My 5 Tips On How to Get the Most Out of Rehearsals
1. Have a Plan The best rehearsals I’ve been in are the ones where there’s been a plan beforehand or the MD (musical director) has come with a plan on what to do.
Let’s look at what may happen if you don’t have a plan…. You may end up using your rehearsal time to learn a song or part you need to do for an upcoming gig and if one or more of you are practising the parts there and then, that could be difficult if you’re in one room! You could end up noodling for the whole session – if you’re not sure what noodling is, check out tip number two! These reasons ultimately use up the time that could be more efficient and beneficial for everybody taking part in the rehearsal.
2. No Noodling!
One of the biggest issues with rehearsing in one room with a band of musicians is that one (or more!) of the musicians forgets that they’re not in their bedroom! Let me explain… From a musical definition, noodling is making the most of freestyle or random playing. Now, there is nothing wrong with noodling but like most things, you’ve got to put it in right context. i.e. playing your instrument by yourself, in your bedroom!
To get the most out of rehearsals, work out what your aim is for your upcoming rehearsal. If it’s to noodle, then great! (It probably won’t be the case though if you’ve got a rehearsal with others!) If it’s covering a pop track song, then come prepared to play the track. Keep focused after every run-through, chord progression or section you want to nail and get it right. Honour each other and you will definitely get the most out of rehearsal time, trying to complete the tasks you’ve set out.
3. Build a Language
If you’ve found that you’re not understanding each other in your rehearsals, it may be that you need to find some language to define certain words in your descriptions of what you’re trying to accomplish. For instance, words like vamping, looping, hits, ring-out, pedaling, build-up, swelling… All these words have meanings, and some of these words could be what you’re trying to communicate, but the other musicians don’t understand the word or you’re trying to articulate what you mean without using the right word. This is also the same when using certain signs with your hands, i.e. a clenched fist meaning end song or using a certain amount of fingers that represents which verse you’re about to play. It really helps when someone is leading the flow of the songs because when you’re not sure where you’re going next you can then practise a progression over-and-over to get perfect.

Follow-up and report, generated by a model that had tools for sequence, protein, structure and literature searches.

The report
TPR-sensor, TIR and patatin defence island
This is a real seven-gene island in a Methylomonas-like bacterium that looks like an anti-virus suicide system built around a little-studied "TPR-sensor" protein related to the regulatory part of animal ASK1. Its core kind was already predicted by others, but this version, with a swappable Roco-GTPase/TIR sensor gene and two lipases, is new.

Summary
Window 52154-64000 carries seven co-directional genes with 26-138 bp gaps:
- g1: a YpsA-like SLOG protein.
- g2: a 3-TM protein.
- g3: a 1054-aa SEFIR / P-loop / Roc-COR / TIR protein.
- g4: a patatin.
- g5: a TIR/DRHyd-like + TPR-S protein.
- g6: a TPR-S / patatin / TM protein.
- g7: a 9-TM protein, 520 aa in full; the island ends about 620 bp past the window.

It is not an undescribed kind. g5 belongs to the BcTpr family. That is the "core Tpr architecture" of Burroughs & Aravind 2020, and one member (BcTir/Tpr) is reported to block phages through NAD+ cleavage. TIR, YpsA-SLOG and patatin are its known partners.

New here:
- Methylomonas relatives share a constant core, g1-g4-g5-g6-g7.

4. Be Able to Adapt
Going deeper with the skill of your instrument is very helpful in-between times of rehearsals. There may be an occasion where you’re learning a song that you’re covering and suddenly, the lead vocalist can’t sing it as well as they thought they could in that key. This is where musicians would have to adapt and play the song in a different key. Learning different chord shapes, the Nashville Number System or how a capo works, may be the things that help you get the most out of your rehearsals.
5. Get to know how other musicians play
I believe has everyone has their own unique ‘sound’ and identity when playing their instrument. This could be as simple as your MD nodding their head more enthusiastically when they want you to play louder, and they always do it! This takes time, so not necessarily a time-saver in rehearsals, but it will get the most of out of your rehearsals in terms of quality. The more I play with friends or colleagues that are musicians, the more I see a side and uniqueness to them in how they interact and operate on their instrument – which brings the music they’re playing to life!
If you can support or match each other with enthusiasm and passion in how you play, it will build the quality of your band and others will want to learn how it’s done!